Dr Gwen Ottinger, Assistant Professor, Department of Politics, Drexel University, USA
The EPA refinery rule thus marks a major victory in community groups’ decades-long struggle for ambient air monitoring at refinery fence lines… but without a way to translate new air quality information into action, communities risk being overwhelmed by data.
On September 29, 2015, the United States Environmental Protection Agency (EPA) issued a new rule aimed at controlling air pollution from oil refineries. Grassroots groups representing communities adjacent to refineries in Louisiana, Texas, and California had pushed for the rule, suing the agency to update its refinery regulations. When the rule was released, they heralded it as a victory for community health, highlighting one provision in particular: the new requirement that refineries monitor for benzene concentrations at their fencelines.
It’s hard to appreciate the significance of this provision—widely hailed as the “first-ever” fenceline monitoring requirement—without understanding just how little air monitoring is conducted in fenceline communities, and how active residents have been in advocating for more.
When I first began studying community activism around oil refineries, I was shocked to learn that there was virtually no systematic monitoring of ambient air quality at refinery fencelines or in neighboring residential areas. Refineries monitor their emissions, and they use computer models to calculate their effects on the ambient air. But air dispersion models, as they’re called, have their limitations: they don’t include ground-level “fugitive emissions” from leaky seals and valves, and they don’t model the effects of emissions from accidental releases.
Community advocacy for fenceline monitoring was catalyzed by a 1994 accident at the Unocal Refinery in Rodeo, California. A release went unreported and unchecked for 16 days, sickening hundreds of residents. In the aftermath, community members fought for—and won—a continuous, real-time, fenceline monitoring system. Their lawyer also commissioned an engineering firm to design an inexpensive, easy-to-use air sampler that would allow residents to generate their own air quality data when they detected a problem. The community-friendly “bucket” air sampler quickly spread to refinery communities around the world, and users presented their data alongside calls for more extensive, real-time monitoring, holding up the fenceline system as a gold standard.
The EPA refinery rule thus marks a major victory in community groups’ decades-long struggle for ambient air monitoring at refinery fencelines. It guarantees that every community will have access to at least some information about actual, local concentrations of a known carcinogen.
At the same time, however, activists decry the limited scope of the monitoring required: it includes only one chemical, and it doesn’t offer real-time readings that could give residents insight into what they are breathing during an obvious accident or release. Instead, samples will be collected over two-week periods—meaning that an intensely high concentration that lasts for an afternoon would show up as only a slight elevation in the two-week average—and refineries judged on 6-month average concentrations.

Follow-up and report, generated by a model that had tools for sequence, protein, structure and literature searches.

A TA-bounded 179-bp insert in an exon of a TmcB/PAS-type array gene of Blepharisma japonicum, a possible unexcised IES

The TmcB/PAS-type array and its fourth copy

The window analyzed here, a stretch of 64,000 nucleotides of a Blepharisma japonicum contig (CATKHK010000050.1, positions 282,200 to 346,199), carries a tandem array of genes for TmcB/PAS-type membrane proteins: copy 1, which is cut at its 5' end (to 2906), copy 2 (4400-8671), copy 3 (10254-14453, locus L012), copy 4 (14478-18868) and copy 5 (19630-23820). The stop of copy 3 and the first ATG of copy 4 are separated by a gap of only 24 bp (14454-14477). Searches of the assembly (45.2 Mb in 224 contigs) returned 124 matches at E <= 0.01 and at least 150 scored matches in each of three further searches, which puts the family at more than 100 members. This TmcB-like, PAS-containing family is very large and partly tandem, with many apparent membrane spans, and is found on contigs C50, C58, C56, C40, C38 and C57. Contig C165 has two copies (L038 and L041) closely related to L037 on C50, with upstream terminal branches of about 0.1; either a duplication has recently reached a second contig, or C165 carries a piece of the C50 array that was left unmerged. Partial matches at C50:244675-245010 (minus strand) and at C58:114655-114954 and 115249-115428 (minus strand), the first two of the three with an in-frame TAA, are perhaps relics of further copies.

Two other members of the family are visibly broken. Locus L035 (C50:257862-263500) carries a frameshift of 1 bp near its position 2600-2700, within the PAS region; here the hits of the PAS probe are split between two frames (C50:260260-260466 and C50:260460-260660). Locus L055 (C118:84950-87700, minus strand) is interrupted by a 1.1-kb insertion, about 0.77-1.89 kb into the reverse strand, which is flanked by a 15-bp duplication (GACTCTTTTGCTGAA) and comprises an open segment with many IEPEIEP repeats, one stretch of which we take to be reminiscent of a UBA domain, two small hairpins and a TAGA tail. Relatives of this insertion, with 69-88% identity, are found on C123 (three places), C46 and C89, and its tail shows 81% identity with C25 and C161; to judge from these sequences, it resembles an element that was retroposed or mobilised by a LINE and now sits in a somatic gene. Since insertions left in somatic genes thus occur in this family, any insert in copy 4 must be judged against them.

U.S. refinery rules thus underscore an important, unfolding dynamic in our efforts to understand the “slow violence” of toxic exposures.
Community groups and their allies would have preferred to see the EPA adopt fenceline monitoring rules more like those currently proposed by the Bay Area Air Quality Management District in Northern California, where regulators are calling for refineries to install real-time monitoring for an array of chemicals, with data to be made available immediately on a public website.
But even real-time monitoring cannot, in and of itself, protect community health or improve air quality. Without a way to translate new air quality information into action, communities risk being overwhelmed by data. Though limited in other ways, the EPA’s rule recognizes this: it sets an action level for benzene. If measured concentrations exceed the action level at a refinery’s fenceline, the company is required to take additional measures to identify and fix the source(s) of the emissions. In contrast, the Bay area rule requires only that data be collected and made accessible to residents. The work of sifting through the data, identifying potentially unhealthy exposures, and fighting for enforcement and remediation, falls on community groups, who may not have the capacity to handle such large volumes of data.
U.S. refinery rules thus underscore an important, unfolding dynamic in our efforts to understand the “slow violence” of toxic exposures. Many of the most important victories in the fight against toxins have revolved around securing the “right to know” and winning access to information. But with data becoming easier and easier to generate, store, and make available, there’s a real risk that right-to-know provisions will lead to information overload rather than new knowledge or meaningful environmental improvements. Although struggles for access to data are far from over, the next wave of advocacy needs to incorporate a concern for how to leverage data to drive change; the next wave of innovation should focus on “gold standard” and community friendly information systems that enable residents and regulators to put toxic data to work in the protection of fenceline communities.
(Featured image: credit Gwen Ottinger)